This is a developing list of recommendations for building a low-cost house. I have collected them from a wide variety of sources and edited them to create a reasonably memorable simple list. Everyone’s circumstances, land, location, needs, and druthers are unique, so read these as suggestions, things to consider—carefully.
The advice that appears most frequently or in more authoritative sources, I have moved toward the top.
Keep the geometry simple
Fussy plans, full of curves and complexities, increase labor costs. And according to some sources create a home that will need more maintenance because corners are subject to damage from settling and water infiltration.
Evaluate construction materials and methods carefully
This will be a major cost of the construction and greatly affect the quality of life in the home. It’s important to use the most reasonably long-lasting, but probably not the most expensive materials. Good materials will be more sustainable – last longer in better shape. Less repair and maintenance down the line. If you scrimp on things like insulation you will have higher heating and cooling costs and the living space may be drafty and feel hollow. Unless this really is temporary housing or you plan to build and gradually upgrade, think long term. But while it is more expensive to change construction later, sometimes that is the best option. If you need housing now and have limited funds, you will save money by being able to live in the space as you work on it.
Estimate labor costs carefully
Labor costs can be 55% of the cost of design and materials. When hiring a contractor, get thorough bids. Contractors have been found to charge 10-18% more for small houses because they tend to charge by the job, not the actual number of hours required. Doing as much as you can yourself can reduce labor costs but it can also increase others. There are many jobs that require a professional. In the long-term, you will save time and money if you choose wisely.
Design floor space efficiently
Finding clever ways to reduce the footprint. While each square foot is less expensive than the last, a larger footprint means more cubic space to heat and cool, and more wall space to maintain. And encourages clutter and acquisition.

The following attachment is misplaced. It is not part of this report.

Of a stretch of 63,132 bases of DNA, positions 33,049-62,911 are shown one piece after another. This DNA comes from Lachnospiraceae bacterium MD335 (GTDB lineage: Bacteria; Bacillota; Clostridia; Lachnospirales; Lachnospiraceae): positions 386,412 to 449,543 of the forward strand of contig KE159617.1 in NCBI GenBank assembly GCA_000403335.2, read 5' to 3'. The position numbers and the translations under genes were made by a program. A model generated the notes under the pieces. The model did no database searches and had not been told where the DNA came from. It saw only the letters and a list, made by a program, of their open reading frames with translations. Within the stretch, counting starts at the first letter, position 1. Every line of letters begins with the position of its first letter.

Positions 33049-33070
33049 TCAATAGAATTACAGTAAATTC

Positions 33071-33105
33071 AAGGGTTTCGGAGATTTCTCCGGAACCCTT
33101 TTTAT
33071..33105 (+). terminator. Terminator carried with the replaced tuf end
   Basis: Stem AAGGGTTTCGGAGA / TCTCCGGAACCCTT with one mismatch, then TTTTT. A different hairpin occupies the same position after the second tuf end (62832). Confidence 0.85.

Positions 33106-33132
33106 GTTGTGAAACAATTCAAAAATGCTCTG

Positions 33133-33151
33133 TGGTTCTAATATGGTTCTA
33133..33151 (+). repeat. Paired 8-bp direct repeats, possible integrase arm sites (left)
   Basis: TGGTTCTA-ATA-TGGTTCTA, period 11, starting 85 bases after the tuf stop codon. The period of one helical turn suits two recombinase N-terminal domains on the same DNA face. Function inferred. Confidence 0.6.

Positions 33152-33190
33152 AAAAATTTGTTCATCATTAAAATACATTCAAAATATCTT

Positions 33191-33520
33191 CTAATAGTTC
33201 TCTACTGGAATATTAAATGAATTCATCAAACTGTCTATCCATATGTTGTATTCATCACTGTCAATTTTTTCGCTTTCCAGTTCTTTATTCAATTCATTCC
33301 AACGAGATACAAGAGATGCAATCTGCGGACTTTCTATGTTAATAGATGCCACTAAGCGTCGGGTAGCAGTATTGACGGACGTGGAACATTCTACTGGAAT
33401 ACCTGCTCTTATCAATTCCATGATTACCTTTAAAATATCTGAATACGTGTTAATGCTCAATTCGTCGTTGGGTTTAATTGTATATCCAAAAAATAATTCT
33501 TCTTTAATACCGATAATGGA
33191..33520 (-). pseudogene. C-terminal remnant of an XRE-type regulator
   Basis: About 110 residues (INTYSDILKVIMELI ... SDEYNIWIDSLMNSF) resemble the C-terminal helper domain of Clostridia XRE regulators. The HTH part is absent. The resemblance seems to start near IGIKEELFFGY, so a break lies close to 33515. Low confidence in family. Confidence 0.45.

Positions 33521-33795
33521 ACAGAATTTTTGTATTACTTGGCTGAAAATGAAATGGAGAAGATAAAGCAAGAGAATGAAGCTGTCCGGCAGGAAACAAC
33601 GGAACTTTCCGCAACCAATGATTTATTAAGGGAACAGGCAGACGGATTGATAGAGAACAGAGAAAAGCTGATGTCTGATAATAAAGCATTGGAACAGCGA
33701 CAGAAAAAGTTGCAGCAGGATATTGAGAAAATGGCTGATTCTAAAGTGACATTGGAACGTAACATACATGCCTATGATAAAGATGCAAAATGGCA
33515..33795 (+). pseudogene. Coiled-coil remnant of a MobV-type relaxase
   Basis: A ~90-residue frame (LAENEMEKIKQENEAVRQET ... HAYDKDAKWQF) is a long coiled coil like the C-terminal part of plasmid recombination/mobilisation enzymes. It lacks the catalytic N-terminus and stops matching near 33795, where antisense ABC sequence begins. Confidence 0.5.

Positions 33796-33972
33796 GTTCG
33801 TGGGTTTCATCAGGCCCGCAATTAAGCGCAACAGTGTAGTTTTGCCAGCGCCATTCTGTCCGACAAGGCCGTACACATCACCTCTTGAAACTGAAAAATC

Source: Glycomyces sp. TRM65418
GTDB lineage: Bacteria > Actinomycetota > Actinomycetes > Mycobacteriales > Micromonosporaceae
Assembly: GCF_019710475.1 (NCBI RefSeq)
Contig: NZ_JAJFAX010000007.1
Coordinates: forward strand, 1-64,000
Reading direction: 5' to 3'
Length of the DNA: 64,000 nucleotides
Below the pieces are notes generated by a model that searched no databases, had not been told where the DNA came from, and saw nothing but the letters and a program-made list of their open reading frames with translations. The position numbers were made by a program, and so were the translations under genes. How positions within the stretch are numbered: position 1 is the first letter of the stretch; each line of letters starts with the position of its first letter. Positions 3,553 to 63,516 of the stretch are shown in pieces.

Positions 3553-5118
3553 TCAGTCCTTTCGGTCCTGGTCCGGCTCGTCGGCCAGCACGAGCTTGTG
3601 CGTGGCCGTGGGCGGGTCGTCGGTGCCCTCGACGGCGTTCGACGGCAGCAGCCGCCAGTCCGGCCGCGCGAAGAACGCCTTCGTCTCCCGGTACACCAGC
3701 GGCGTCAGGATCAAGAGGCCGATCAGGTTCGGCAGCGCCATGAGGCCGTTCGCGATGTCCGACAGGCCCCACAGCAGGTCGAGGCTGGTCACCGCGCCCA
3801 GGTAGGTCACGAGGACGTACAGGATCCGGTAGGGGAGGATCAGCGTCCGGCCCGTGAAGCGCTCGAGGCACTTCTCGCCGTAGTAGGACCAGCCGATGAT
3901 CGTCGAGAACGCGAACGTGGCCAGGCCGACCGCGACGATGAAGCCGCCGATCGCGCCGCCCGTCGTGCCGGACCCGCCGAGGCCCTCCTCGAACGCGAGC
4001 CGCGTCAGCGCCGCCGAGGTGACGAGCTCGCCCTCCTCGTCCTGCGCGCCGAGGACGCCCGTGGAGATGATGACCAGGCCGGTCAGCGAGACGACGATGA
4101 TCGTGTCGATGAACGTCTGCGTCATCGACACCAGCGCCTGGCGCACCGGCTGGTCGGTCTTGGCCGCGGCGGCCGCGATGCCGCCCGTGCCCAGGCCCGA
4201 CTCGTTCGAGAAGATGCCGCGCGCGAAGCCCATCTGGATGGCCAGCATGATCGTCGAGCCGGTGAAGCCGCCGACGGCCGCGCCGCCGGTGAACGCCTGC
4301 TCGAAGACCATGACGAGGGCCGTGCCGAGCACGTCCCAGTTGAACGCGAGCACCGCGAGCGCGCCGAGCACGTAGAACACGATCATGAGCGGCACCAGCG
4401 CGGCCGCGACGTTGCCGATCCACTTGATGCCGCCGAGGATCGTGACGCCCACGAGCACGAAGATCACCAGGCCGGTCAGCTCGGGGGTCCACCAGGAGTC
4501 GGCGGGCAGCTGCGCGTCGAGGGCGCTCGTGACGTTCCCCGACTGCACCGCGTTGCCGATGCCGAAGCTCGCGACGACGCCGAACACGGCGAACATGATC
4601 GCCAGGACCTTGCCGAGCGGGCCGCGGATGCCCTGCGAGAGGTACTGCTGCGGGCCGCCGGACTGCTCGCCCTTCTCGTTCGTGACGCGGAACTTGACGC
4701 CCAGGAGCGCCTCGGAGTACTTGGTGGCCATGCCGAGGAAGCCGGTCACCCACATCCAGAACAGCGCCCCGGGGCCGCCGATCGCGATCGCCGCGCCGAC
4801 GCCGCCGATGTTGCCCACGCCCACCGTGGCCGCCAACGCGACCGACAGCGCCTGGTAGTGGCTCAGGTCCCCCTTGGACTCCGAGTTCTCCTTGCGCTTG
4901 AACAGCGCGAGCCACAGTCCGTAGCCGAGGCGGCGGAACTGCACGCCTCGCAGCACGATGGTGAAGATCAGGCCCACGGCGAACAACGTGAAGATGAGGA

Look carefully at the costs of design features like open plans
Open plans bring in more natural light and provide a more sociable living environment. But unobstructed spaces sometimes require more structural support across the ceiling. This is less of a concern in a long rectangle as many Tiny Houses are, but in a square or circle, it is a consideration. Having to reinforce the roof to compensate for less support from walls adds cost. Columns can replace the ceiling supports but need to be carefully spaced. Professional help will probably be a good investment in all load-bearing decisions.
Finding the right professionals
Find professionals that share your values and are interested in what you are trying to accomplish and why. The primary contractor will also be hiring and recommending electricians, plumbers, etc. It’s also important that they also understand your values. The contractor should be experienced and employ regular reliable workers. If this is your first project, you want to hire someone who knows a great deal more than you do.
Ask yourself: Are they interested in environmentally supportive building materials and methods? Do they have ideas for reducing costs that won’t reduce quality? Are you talking to the person who will be doing the work? Do you like them? It is totally possible that by the end of your project you will be rather done with each other so you want to start with someone you are comfortable with.